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Every time a card is used or your turn ends, it’ll be sent to the discard pile where you can’t draw them until all of your other cards have been used. Cards can also be exhausted due to certain effects, or intentionally exhausting them by using them to charge up a character-specific weapon. Some cards also have effects that trigger when Exhausted, but you won’t be able to exhaust the card if your weapon’s fully charged or on cooldown, adding another layer of things to consider.

Weapons deal damage and can also trigger an effect, with each weapon needing a different amount of energy. The fun comes in managing your cards, their various effects, and even when to exhaust these cards, as you can also overcharge a weapon by feeding it more energy than it needs, causing it to deal double damage.

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I can’t even begin to scratch the surface of how much depth is in this game, and even after well over 10 hours I still find myself playing with new cards and strategies that I’ve never thought of, and adapting to the situation. Builds that work off of Valiance, a buff that permanently buffs your damage during a fight, or Periodic shock, a DoT that deals mitigating damage but won’t trigger a counter-attack, are just a few things you can play around with when it comes to the different enemies and their gimmicks.

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This is on top of the Theseus Protocol’s different characters having their own unique set of resources, cards, and weapons allowing for loads of variety and different playstyles. Charlotte can play around shield stacking and the Periodic Shock debuff, while Nena can flip a switch and gain an insane amount of attack power or defensive power, at the cost of using her entire hand, and that’s just one tactic.
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Theseus Protocol is just a blast to play, and I found myself totally glued to every encounter. Every fight against a familiar enemy felt like a boss as I was trying my best to get by them with as little as possible, or if the stars align, absolutely destroying them. You really can get into the zone in these combat encounters, and even though I only managed to beat one run, I got pretty close a couple of times and can’t wait to go on another run until I beat the game with Nena.

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Rich Progression Just Begging to be Explored

Like with many roguelikes, Theseus Protocol comes with a pretty expansive progression system, that improves upon your character’s weapons.

In Theseus Protocol you can unlock powerups to passively increase its basic stats, whether its damage or even auxiliary effects like granting you a shield if the weapon is not on cooldown but loaded with ammo, giving you more ways to use a single weapon depending on the situation.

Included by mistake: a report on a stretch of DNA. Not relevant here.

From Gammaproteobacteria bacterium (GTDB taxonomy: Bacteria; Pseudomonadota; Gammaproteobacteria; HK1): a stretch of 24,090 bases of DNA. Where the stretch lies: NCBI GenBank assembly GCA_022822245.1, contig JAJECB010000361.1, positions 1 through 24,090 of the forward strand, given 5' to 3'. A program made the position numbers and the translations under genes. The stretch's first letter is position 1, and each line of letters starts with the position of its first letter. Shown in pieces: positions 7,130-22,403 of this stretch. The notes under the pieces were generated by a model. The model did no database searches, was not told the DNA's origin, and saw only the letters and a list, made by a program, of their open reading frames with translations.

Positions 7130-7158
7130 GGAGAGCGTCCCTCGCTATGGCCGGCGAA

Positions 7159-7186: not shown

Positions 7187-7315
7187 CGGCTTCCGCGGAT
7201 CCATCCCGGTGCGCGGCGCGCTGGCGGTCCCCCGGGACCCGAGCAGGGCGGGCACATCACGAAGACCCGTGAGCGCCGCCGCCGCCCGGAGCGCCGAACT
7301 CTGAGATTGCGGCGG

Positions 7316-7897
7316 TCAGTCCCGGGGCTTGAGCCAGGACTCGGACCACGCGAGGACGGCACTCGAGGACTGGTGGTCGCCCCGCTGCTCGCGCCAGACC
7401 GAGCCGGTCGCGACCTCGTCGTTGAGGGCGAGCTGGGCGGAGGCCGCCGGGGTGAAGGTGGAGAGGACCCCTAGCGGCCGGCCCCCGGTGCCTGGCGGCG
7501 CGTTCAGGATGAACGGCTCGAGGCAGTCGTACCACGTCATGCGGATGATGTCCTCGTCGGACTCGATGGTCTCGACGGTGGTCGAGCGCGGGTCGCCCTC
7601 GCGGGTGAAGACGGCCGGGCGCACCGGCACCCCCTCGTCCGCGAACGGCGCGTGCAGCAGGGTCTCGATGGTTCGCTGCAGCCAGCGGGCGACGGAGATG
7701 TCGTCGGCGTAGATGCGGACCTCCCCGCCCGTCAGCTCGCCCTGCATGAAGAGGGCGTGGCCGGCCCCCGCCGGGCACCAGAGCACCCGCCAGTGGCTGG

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One more thing is that you can’t equip every perk on a weapon, meaning you’ll need to swap some of them out for a more defensive playstyle to counter certain enemy patterns like shields, and armor, or just go full-on offense.

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I’m fine with the progression in the game but it’s definitely different from something like Hades. You can unlock quite a lot of upgrades from completing a run, but for failing a run you’ll get far less, and instead of getting small incremental buffs every run, you end up getting a big chunk of them after a successful run. Currently, the game doesn’t seem to have any difficulty modes beyond Easy, so for now, upgrading will just keep making the game easier without an option to ramp up the challenge.

Though with indicating it as “easy” and not just a default difficulty setting, I’m sure as the devs move forward with development, this will be something they add to Theseus Protocol in a future update.

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If You Like This Genre, Keep Theseus Protocol on Your Radar.

I actually had a bunch more issues with Theseus Protocol, but as I mentioned earlier a bunch of important bugs like losing my progress when I exited to the desktop got fixed. In its current state the game is still prone to the occasional crash, but this usually only happened to me after a few hours of play.

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Overall I think if you’re a fan of this genre, or even if you’re not, Theseus Protocol is a very fun game to play, and one that the developers are actively working on improving. If you’re even slightly interested in this kind of game or want something you can play quickly that’s loads of fun, Theseus Protocol will keep you occupied for quite a while, and with the game still being early in development, I’m definitely excited to see where it goes.